FatDinah
Mar. 6, 2010, 01:02 AM
I still have my Khemosabi daughter, she's 33.
She was a true English pleasure horse with tons of natural trot. Yet, after we left the ring, I could toss my young kids on her back and walk through the dark to our aisle in the show barn.

sketcher
Mar. 6, 2010, 08:34 AM
Yes, those Khemo daughters are something! I knew three of them. One of them produced my all time favorite foal. He unfortunately died young, he fell in his paddock, slid under the fence and broke his leg. His owners tried everything to save him including amputation an prosthetic leg but he just couldn't handle it. He was out of a Khemo daughter by a Bask son and he was amazing. He would have been a top stallion for sure even amongst the zillion Khemo/bask crosses he stood out.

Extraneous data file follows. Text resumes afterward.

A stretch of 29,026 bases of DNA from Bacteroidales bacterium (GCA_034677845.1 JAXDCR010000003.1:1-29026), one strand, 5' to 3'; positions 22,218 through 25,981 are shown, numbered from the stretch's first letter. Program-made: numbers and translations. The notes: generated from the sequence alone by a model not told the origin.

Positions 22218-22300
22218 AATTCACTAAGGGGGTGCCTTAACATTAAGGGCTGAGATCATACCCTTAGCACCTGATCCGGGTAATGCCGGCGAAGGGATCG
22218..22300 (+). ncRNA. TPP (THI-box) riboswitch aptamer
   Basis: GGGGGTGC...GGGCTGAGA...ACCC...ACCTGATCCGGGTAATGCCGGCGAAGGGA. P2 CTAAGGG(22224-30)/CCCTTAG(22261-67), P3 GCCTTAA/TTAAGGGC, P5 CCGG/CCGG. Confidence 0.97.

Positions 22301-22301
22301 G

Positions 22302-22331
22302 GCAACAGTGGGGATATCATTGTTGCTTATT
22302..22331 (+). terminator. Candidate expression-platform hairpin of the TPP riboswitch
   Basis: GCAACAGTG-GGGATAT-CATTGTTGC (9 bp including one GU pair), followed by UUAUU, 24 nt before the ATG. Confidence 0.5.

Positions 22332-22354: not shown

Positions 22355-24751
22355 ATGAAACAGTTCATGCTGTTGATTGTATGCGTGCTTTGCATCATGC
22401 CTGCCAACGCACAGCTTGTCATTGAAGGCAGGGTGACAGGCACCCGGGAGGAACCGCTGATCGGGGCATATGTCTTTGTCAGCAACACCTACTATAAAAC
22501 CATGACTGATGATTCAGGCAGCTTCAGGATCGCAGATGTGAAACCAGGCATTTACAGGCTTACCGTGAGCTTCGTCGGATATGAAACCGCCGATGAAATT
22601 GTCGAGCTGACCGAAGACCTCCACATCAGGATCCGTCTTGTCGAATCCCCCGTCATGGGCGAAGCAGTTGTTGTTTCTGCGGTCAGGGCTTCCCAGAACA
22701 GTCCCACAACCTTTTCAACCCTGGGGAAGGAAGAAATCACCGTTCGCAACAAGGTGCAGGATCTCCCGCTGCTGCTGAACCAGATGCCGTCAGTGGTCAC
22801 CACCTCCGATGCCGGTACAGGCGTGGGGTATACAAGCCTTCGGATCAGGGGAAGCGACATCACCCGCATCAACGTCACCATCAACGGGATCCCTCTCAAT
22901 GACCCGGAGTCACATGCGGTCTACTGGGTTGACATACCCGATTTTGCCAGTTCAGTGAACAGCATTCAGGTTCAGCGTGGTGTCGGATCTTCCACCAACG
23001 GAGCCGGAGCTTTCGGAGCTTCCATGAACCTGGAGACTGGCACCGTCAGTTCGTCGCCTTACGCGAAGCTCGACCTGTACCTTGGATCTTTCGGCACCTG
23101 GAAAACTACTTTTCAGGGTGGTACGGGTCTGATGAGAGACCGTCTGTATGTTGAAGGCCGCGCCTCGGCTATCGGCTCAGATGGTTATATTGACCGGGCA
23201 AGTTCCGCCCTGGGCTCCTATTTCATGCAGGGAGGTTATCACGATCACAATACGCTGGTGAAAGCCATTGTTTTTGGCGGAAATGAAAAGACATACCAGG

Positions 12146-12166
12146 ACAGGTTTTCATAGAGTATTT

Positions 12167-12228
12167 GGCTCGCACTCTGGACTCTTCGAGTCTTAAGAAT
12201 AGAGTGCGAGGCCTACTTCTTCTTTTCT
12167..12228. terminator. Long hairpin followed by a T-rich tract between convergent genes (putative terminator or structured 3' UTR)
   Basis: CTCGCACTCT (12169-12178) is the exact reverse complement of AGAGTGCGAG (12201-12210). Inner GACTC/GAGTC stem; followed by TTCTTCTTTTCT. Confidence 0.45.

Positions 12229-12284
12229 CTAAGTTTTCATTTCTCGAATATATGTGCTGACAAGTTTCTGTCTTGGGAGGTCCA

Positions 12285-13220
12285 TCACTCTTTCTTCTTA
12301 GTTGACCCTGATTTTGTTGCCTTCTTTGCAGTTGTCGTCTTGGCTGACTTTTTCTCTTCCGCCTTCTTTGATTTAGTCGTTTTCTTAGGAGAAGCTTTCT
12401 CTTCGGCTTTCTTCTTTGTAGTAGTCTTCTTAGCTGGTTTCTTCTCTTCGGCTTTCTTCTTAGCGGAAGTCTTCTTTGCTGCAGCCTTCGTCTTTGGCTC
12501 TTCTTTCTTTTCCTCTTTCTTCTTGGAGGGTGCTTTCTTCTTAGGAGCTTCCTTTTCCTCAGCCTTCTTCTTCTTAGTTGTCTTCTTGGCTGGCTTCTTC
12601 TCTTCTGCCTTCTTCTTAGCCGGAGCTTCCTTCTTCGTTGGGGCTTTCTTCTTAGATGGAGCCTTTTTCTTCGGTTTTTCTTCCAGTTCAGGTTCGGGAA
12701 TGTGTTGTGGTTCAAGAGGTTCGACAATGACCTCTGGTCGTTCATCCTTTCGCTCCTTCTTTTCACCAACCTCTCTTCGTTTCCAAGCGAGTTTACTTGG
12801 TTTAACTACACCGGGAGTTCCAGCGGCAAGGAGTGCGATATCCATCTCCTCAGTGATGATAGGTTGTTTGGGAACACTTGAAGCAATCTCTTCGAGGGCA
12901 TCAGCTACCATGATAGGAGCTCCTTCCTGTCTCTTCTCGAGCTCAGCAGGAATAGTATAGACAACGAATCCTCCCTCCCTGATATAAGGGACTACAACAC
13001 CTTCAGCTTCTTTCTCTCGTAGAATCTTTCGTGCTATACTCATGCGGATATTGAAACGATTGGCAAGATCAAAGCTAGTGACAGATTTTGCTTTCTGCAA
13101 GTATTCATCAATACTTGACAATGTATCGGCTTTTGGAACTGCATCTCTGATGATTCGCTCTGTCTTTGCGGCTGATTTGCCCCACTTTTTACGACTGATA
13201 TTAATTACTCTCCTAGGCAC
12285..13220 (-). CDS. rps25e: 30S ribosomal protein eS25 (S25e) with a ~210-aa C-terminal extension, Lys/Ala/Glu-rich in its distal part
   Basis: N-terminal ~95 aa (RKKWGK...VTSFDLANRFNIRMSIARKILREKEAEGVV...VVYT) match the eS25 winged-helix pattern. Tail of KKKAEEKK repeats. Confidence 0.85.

Bank of Dad
Mar. 6, 2010, 04:44 PM
Arabian Horse World, now that was a class magazine. I still have some of the pictures pasted in an adolescent scrap book. I had all those bloodlines memorized. Every birthday, I got to go to the Arabian Horse show in Santa Barbara, CA--the Earl Warren showgrounds. That was back when the Washington International Horse Show was still at the DC Armory.

quietann
Mar. 6, 2010, 05:34 PM
Varian Electronics was founded in 1948 and Sheila Varian has been in the Arabian business since the 1950s (Her "golden jubilee" was held a few years ago.) She imported her first Polish Arabs in the early 1960s. I do not know for sure (and my understanding is that "Varians" in general are pretty private), but I think her father or one of her uncles were involved in the founding. I doubt they had that much money when she was first getting started....

I also got Arabian Horse World for about 12 years; my grandmother gave it to me as an Xmas gift every year starting when I was 12 (1976). The stallion issue was well over 1000 pages (split into two volumes) at the height of the boom. I used to draw pictures based on the photos in AHW. Unfortunately my parents threw them away at some point.